Despite a rough season for sugar beet following drought, virus yellows and foliar disease outbreaks, an improvement in the weather means there is still potential to add yield.
That is the view of Dr Simon Bowen, head of knowledge exchange, British Beet Research Organisation (BBRO). “Many growers have harvested poorer crops first which is reflected in lower yields and sugar content. Crops that are left tend to have healthier canopies which in many cases is regrowth post drought, virus and disease.”
A warmer, drier weather spell forecast in early November means there is some growth potential for crops with a good level of green area index, says Dr Bowen.
“I also ran the BBRO yield model which showed that crop left until the end of November still has the potential to increase root yield by 5-10 tonnes/hectare with a corresponding increase in sugar yield.”
in Yorkshire, where harvest progress has been helped by a spell of dry days, Hutchinsons agronomist, Sam Hugill says although yields have been hit by the season’s challenges, in his area they are not down as much as some initially feared.
He says: “Yields are down 10-15 per cent. We had 10 weeks without a drop of rain [from April to June] and a lot of growers had to irrigate just to get the crop out of the ground. Plants struggled to meet between the rows and virus has had an impact. A lot of effort has gone into this season.”
Despite some growers delaying sugar beet drilling to allow the ‘first flush’ of virus transmitting aphids to pass, it has not translated to better yields, says Mr Hugill.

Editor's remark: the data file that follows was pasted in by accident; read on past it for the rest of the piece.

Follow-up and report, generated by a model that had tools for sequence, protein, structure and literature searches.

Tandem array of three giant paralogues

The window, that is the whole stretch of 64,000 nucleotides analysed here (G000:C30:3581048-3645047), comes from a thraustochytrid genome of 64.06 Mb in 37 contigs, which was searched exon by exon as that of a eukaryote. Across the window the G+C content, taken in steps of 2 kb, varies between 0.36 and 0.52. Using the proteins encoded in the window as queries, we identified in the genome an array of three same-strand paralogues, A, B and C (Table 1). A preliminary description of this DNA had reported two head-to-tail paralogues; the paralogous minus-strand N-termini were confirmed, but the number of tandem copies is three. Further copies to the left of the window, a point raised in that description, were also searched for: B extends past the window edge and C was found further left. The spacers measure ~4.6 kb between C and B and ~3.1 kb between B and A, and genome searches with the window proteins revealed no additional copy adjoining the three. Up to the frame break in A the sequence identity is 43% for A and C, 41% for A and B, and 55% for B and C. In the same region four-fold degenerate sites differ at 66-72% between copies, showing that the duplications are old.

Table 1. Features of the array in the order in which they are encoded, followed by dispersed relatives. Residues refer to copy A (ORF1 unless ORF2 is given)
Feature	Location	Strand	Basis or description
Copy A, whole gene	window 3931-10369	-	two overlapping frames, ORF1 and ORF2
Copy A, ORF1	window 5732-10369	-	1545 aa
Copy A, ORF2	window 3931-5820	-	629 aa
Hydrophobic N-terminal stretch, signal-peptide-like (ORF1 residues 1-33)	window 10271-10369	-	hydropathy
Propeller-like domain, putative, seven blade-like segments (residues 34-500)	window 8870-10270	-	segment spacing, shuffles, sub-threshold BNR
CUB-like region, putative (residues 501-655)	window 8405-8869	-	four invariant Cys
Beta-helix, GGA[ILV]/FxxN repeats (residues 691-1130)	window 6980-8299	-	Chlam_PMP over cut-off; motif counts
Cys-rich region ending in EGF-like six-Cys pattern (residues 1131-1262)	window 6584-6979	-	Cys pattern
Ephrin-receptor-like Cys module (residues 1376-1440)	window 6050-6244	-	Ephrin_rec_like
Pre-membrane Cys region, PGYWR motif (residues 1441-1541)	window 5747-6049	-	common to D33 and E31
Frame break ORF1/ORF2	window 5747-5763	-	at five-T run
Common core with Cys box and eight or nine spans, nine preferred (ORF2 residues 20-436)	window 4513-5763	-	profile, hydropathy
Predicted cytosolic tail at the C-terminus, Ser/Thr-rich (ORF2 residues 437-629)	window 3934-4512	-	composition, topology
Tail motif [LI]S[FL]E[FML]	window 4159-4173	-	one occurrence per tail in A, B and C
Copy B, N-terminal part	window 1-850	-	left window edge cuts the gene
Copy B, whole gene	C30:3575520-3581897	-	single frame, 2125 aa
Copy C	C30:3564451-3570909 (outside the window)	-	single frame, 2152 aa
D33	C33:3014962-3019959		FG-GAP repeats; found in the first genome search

“Early sown beet had a majority of the virus and showed more yellowing but since the plant put on its 12-14 leaf, green growth started to appear again. Anything later sown does not have improved yields.”
Without the option of neonics, most growers turned to amino acids, micronutrients and biostimulants this season to try to optimise yield, says Mr Hugill.
However, in south Lincolnshire, for grower David Hoyles virus yellows has had a severe impact.
He says: “We are seeing a 70 per cent yield drop. Our five-year average yield is 92.2 tonnes/hectares at 17.4 per cent sugar. This harvest it is 28.8t/ha and sugars are 14.2 per cent.”
He says 80-90 per cent of the yield penalty is down to virus yellows, but the dry spring and late and uneven emergence has not helped.
Contract performance rules will not be applied to the 2020 sugar beet crop results, British Sugar has announced.
Peter Watson, agriculture director at British Sugar says: “This year’s yield performance will not count towards the five-year averages for next year’s Virus Yellows Assurance Scheme and will be discounted from your [a grower’s] five-year average, in consideration of future planning yield.
Mr Watson adds: “Although I can’t control the weather, there are other areas where we are working hard for the long-term sustainability of our home-grown sugar industry. Together with NFU Sugar and BBRO, we’re maintaining regular dialogue with Government on the challenges our industry faces, including advocating for a level playing field. We’ll share more on this in the coming weeks and months.”